Kratom (Mitragyna speciosa) is a tree found in Southeast Asia. Dried, powdered kratom leaves have been used for centuries in traditional preparations, and kratom use in the United States has spiked in recent decades.
In low doses, kratom acts as a mild stimulant that increases energy and alertness. In high doses, kratom has a sedating effect. Kratom also has pain-relieving effects. Evidence exists showing that kratom use may be associated with dependence and addiction. People who use kratom heavily may experience withdrawal symptoms when they end use.
Can You Overdose on Kratom?
Kratom is likely to be a safe compound when used in moderation and in the absence of other over-the-counter or illicit drugs. However, heavy, long-term use has been associated with dependence and withdrawal symptoms, as well as potential overdose.
Compared to other substances, kratom overdoses are infrequent, but they are possible. For example, in 2017, the FDA identified at least 44 deaths related to kratom.
Kratom Overdose Signs and Symptoms
Kratom is not an opioid, but since it interacts with opioid receptors in the brain, kratom can have similar effects. Signs and symptoms of kratom overdose include:
- Dry mouth
- Rapid heartbeat
- Anxiety and irritability
These symptoms can persist for up to 5 hours. Serious toxicity is rare and nearly always involves other substances.
Risks Associated With Polysubstance Use
According to the CDC, 65% of fatal overdoses involving Kratom users had also taken fentanyl, leading to higher risk of overdose. Polysubstance overdoses that include kratom can cause respiratory depression, seizures, hallucinations or psychosis. It is unclear how much kratom contributes to these serious side effects. The presence of serious effects depends heavily on the types and amounts of drugs ingested.
Kratom Overdose Deaths
Kratom overdose deaths are extremely rare and have almost all been associated with other drugs of misuse. A recent CDC report showed that out of 91 deaths that were deemed to be caused by kratom, 84 (92%) also tested positive for drugs such as fentanyl, cocaine and benzodiazepines. In addition, 78% of the victims had a previous history of drug misuse.
Between 2011 and 2017, 11 kratom-related deaths were reported by the National Poison Data System. Out of the 11 deaths, nine included other drugs (alcohol, benzodiazepines, fentanyl and cocaine). The FDA identified 44 kratom-related deaths in 2017, which were all associated with polysubstance misuse. While kratom appears unlikely to be lethal for the vast majority of users, polysubstance misuse increases the risk for lethal outcomes.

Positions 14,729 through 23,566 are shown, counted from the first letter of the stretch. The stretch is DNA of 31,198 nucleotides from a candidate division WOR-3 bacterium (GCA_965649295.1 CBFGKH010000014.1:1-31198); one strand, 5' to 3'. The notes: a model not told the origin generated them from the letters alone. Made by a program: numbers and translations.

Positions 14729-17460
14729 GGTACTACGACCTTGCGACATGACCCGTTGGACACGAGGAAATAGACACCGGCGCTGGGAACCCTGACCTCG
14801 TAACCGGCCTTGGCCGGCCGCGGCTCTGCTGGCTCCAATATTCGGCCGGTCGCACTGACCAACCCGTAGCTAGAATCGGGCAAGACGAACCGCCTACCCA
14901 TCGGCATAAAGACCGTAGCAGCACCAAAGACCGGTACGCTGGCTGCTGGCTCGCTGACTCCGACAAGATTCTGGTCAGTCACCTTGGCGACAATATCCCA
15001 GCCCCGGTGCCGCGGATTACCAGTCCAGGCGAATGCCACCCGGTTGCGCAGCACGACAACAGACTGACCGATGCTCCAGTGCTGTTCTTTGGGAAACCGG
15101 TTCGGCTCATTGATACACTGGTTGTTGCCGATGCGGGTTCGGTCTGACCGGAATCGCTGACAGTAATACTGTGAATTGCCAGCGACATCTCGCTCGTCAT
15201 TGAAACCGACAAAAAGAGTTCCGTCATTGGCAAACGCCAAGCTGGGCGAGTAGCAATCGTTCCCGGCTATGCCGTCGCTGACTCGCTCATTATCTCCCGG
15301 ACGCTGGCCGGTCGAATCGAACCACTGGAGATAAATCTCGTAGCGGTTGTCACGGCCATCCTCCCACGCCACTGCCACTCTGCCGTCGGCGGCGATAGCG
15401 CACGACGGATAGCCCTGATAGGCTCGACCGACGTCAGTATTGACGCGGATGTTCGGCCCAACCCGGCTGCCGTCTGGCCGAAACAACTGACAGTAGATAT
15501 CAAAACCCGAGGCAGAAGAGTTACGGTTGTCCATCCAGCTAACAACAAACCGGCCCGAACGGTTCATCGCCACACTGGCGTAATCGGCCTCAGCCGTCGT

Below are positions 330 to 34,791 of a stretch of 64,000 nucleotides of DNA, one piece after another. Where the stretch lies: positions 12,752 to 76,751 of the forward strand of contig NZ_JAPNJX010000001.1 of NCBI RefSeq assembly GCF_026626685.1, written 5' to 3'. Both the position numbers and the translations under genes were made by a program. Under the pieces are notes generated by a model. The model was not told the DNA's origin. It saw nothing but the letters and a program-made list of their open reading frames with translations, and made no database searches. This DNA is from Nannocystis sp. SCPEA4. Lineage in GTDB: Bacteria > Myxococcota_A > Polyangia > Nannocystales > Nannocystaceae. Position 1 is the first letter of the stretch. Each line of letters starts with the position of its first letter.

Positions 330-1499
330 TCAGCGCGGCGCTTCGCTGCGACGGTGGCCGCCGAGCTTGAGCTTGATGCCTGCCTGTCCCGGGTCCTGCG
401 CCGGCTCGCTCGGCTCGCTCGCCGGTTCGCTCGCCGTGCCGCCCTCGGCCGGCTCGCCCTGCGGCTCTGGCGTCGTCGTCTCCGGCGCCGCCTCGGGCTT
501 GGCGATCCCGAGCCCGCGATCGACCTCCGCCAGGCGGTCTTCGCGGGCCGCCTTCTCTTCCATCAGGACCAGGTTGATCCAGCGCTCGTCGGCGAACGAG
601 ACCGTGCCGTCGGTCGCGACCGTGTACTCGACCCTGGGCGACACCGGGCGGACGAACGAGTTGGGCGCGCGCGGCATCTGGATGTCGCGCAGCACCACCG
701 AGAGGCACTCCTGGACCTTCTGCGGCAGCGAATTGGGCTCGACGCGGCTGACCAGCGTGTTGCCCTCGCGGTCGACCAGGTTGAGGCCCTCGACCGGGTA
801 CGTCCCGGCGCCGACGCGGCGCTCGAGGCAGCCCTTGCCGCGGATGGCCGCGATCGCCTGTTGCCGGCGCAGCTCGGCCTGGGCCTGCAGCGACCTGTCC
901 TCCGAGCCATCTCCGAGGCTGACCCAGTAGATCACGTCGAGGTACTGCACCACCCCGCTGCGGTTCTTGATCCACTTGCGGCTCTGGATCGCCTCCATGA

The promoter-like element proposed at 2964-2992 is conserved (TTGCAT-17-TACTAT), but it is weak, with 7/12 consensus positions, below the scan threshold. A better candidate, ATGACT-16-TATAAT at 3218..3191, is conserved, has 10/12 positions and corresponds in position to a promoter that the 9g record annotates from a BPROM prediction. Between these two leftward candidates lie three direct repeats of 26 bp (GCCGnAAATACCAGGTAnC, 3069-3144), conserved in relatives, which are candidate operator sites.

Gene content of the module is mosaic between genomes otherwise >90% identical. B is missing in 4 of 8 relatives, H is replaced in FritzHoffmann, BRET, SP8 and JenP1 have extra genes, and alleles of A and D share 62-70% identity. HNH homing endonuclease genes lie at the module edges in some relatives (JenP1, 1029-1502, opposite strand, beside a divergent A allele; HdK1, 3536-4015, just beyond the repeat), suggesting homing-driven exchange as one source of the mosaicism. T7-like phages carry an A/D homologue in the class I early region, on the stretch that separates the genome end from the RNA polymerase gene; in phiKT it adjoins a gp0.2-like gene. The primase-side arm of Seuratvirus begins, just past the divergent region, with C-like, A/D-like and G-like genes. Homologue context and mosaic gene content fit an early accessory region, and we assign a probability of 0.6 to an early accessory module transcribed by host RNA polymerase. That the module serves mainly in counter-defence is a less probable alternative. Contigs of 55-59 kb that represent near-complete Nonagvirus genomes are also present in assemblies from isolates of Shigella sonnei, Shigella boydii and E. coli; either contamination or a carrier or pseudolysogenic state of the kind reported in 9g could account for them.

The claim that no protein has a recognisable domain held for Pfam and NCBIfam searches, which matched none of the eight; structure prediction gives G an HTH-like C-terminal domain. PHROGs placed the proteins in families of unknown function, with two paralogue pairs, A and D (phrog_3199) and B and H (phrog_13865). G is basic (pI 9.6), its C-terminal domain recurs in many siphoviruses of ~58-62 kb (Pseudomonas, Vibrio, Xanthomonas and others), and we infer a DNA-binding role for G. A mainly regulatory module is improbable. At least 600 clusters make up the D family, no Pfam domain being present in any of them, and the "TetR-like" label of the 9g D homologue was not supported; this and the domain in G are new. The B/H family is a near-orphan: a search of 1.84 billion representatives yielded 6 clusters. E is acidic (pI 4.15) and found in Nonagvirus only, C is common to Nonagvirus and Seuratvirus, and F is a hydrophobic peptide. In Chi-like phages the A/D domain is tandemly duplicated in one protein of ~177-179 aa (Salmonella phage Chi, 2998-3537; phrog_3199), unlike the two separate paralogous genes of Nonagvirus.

Kratom Overdose Treatment
Because reports of kratom overdose are infrequent (682 reports in 2017), proven treatments for kratom overdose have yet to be determined. Most reports of kratom overdose involve other substances, so signs and symptoms of kratom overdose can vary and are dependent on the types and amounts of drugs used. Since kratom acts on opioid receptors, preliminary data suggests that extreme overdoses may respond well to naloxone.
Polysubstance use disorders that include kratom can be serious or even lethal. If you or someone you know is suffering from kratom misuse and addiction, The Recovery Village Ridgefield is here to help. We offer multidisciplinary approaches to overcoming substance use disorders and can help you get your life back on track. Contact us today to learn more about treatment options that can work well for your situation.
National Institute on Drug Abuse. “What is Kratom?” April 2019. Accessed August 1, 2019.
Gershman, Jennifer, Pharm D, CPh. “CDC Study Links Kratom with Drug Overdose Deaths.” Pharmacy Times, April 13, 2019. Accessed August 14, 2019.
Drug Enforcement Agency. “Drugs of Abuse.” 2017. Accessed August 1, 2019.
Kraken Kratom. “Is Kratom Legal Where I Live?” January 2019. Accessed August 1, 2019.
Rech, Megan A.; Donahey, Elisabeth; Cappiello Dziedzic, Jacqueline M.; Oh, Laura; Greenhalgh, Elizabeth. “New Drugs of Abuse.” Pharmacotherapy: The Journal of Human Pharmacology and Drug Therapy, December 2014. Accessed August 1, 2019.
O’Malley Olsen, Emily; O’Donnell, Julie; Mattson, Christine L.; Schier, Joshua G.; Wilson, Nana. “Notes from the Field: Unintentional Drug Overdose Deaths with Kratom Detected — 27 States, July 2016–December 2017.” Morbidity and Mortality Weekly Report, April 2019. Accessed August 1, 2019.
Mammoser, Gigen. “Kratom Overdoses Are on the Rise. Why They’re Hard to Spot.” Healthline, February 2019. Accessed August 1, 2019.
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